Long Hours, Stress, and Customers
Those of you that have run their own business know that it can be stressful. There is not doubt about it. The biggest issue with me is that I was trying to build my business only being part time and save on business expenses. I still worked full time and then went home and worked more on my business. I would wake up at 7am and go to bed at around 3am. I didn’t get much sleep, but I was driven by the thought of success.
When you run a business, especially in retail, you are going to come across a wide range of customers. Most were nice and courteous, but then there were the ones that made you want to pull your hair out. My main goal was to please my customers because they were the ones that ordered. I had to please them, but found out over time that you can’t please everyone. There were also some “customers” that just wanted to buy your customers data. You can read about that story and I hope it doesn’t shock you too much.
There were so many facets that I needed to take care of with the business that it was taking a toll on me because a business is not passive. I understand why some small business owners look like they haven’t slept in a couple of days. They probably haven’t! I did attempt on different occasions to outsource some work, but that always ended with me doing more work than before. Someone would always mess something up and it could either cost me money or cost me time. Outsourcing just wasn’t an option.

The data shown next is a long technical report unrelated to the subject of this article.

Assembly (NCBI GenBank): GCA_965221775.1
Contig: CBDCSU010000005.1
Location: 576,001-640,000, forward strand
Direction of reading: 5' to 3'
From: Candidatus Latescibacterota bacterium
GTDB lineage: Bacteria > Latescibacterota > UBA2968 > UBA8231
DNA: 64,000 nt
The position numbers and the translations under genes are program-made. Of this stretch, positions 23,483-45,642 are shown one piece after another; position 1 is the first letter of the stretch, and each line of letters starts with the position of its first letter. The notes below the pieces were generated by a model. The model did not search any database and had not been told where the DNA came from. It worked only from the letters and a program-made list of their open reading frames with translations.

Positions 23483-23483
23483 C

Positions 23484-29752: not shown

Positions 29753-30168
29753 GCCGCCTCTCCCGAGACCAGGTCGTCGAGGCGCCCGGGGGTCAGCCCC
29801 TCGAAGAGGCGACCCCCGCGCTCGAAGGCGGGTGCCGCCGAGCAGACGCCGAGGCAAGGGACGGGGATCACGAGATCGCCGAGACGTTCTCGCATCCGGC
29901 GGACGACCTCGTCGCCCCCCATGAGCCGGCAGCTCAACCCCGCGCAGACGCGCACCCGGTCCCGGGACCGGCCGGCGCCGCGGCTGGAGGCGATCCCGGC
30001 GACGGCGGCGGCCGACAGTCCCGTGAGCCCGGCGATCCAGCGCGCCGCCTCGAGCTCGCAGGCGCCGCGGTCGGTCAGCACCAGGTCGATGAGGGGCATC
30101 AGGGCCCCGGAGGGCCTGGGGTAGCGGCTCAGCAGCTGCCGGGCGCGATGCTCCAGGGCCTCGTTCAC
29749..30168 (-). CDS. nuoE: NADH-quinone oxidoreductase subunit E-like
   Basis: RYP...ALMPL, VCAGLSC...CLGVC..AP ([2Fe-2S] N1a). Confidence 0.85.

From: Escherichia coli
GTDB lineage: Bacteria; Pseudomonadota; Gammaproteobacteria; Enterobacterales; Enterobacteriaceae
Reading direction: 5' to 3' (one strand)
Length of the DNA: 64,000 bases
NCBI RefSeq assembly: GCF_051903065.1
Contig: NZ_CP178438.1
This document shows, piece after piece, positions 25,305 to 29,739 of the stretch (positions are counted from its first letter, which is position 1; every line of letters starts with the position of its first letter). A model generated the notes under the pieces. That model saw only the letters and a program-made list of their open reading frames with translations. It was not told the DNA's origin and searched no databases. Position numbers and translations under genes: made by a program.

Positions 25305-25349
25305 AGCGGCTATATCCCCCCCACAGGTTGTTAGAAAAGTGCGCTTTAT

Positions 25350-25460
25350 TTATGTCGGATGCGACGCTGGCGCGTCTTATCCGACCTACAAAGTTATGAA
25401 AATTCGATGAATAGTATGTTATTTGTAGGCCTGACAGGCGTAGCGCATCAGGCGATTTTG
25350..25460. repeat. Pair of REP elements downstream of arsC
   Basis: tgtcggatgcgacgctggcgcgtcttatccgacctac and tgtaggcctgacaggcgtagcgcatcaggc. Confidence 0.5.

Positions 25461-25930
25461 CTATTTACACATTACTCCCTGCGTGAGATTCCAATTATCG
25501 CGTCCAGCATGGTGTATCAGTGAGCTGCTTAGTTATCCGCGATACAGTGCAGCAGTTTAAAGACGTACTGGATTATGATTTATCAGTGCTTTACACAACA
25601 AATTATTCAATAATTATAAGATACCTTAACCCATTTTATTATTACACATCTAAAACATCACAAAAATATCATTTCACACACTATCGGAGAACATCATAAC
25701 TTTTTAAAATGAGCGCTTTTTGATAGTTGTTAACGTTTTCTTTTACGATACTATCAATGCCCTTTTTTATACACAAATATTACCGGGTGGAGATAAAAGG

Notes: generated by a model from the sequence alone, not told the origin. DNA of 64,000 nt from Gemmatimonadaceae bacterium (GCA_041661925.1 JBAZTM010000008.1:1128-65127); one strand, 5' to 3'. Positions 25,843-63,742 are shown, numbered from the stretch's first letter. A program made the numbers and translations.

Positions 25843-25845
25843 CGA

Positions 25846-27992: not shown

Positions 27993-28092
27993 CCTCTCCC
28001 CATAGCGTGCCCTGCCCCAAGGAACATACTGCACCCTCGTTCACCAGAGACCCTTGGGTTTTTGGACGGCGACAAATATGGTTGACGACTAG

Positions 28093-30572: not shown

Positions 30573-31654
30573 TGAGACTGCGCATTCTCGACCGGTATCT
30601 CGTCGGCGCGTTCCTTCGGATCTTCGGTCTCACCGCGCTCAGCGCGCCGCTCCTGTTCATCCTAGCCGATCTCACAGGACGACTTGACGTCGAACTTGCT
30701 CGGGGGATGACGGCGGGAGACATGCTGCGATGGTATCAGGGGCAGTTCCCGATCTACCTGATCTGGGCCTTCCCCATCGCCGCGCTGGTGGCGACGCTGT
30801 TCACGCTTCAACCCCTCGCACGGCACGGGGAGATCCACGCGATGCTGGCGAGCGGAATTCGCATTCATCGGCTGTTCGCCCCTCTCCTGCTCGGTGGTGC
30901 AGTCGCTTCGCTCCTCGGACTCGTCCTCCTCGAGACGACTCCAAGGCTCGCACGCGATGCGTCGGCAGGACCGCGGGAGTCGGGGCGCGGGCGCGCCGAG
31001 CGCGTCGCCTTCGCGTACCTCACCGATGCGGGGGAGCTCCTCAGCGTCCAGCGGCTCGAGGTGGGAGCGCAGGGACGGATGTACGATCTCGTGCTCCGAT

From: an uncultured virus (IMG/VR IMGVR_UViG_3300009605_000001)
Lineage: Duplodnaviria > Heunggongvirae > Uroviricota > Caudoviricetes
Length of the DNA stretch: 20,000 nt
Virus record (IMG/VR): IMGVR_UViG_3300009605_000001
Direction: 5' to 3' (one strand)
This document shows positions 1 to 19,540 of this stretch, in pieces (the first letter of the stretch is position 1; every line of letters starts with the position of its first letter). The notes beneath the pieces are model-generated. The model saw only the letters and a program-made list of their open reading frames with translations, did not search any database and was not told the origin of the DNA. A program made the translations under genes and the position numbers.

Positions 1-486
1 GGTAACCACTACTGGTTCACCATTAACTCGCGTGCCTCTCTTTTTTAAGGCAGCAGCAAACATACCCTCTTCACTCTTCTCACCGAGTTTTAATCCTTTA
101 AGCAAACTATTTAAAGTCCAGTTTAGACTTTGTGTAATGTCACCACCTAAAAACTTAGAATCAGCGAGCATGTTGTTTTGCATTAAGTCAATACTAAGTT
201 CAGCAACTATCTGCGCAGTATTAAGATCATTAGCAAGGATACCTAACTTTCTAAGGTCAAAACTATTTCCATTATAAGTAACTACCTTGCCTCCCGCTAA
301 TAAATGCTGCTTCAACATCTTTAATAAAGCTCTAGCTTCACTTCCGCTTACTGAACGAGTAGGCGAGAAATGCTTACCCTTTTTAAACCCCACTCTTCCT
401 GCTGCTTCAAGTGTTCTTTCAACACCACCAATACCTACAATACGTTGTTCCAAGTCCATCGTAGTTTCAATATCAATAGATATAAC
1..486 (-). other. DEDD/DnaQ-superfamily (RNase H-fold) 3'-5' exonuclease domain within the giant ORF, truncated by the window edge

This all doesn’t even include the mistakes I made during the course of business. I sold a lot of products on Amazon. It was one of my biggest revenue drivers. Having said that, when you don’t sleep a lot and are working too much, you make mistakes. One such mistakes cost me around $10,000 worth of sales and it got me kicked off Amazon. I was able to get back on, but mistakes slowly got more and more as I had to take on more things. One man can only do so much.
The Hardest Decision
I was running on fumes for months. My hardest part of the year was coming up and that was the holiday shopping season. There is nothing that I can compare this time to. There were times that I didn’t sleep at all in order to deal with all of the orders and customer service. I was starting to get ready with my distributor to find out which products would be the hot sellers and get setup with some inventory. I had so much going on that I needed to get away from the computer for a bit.
I went downstairs at my house and spoke with my wife. She can always be honest with me and that is one of the many things that I love about her. We had a very stern conversation about how this business was affecting me. Here is how it broke down.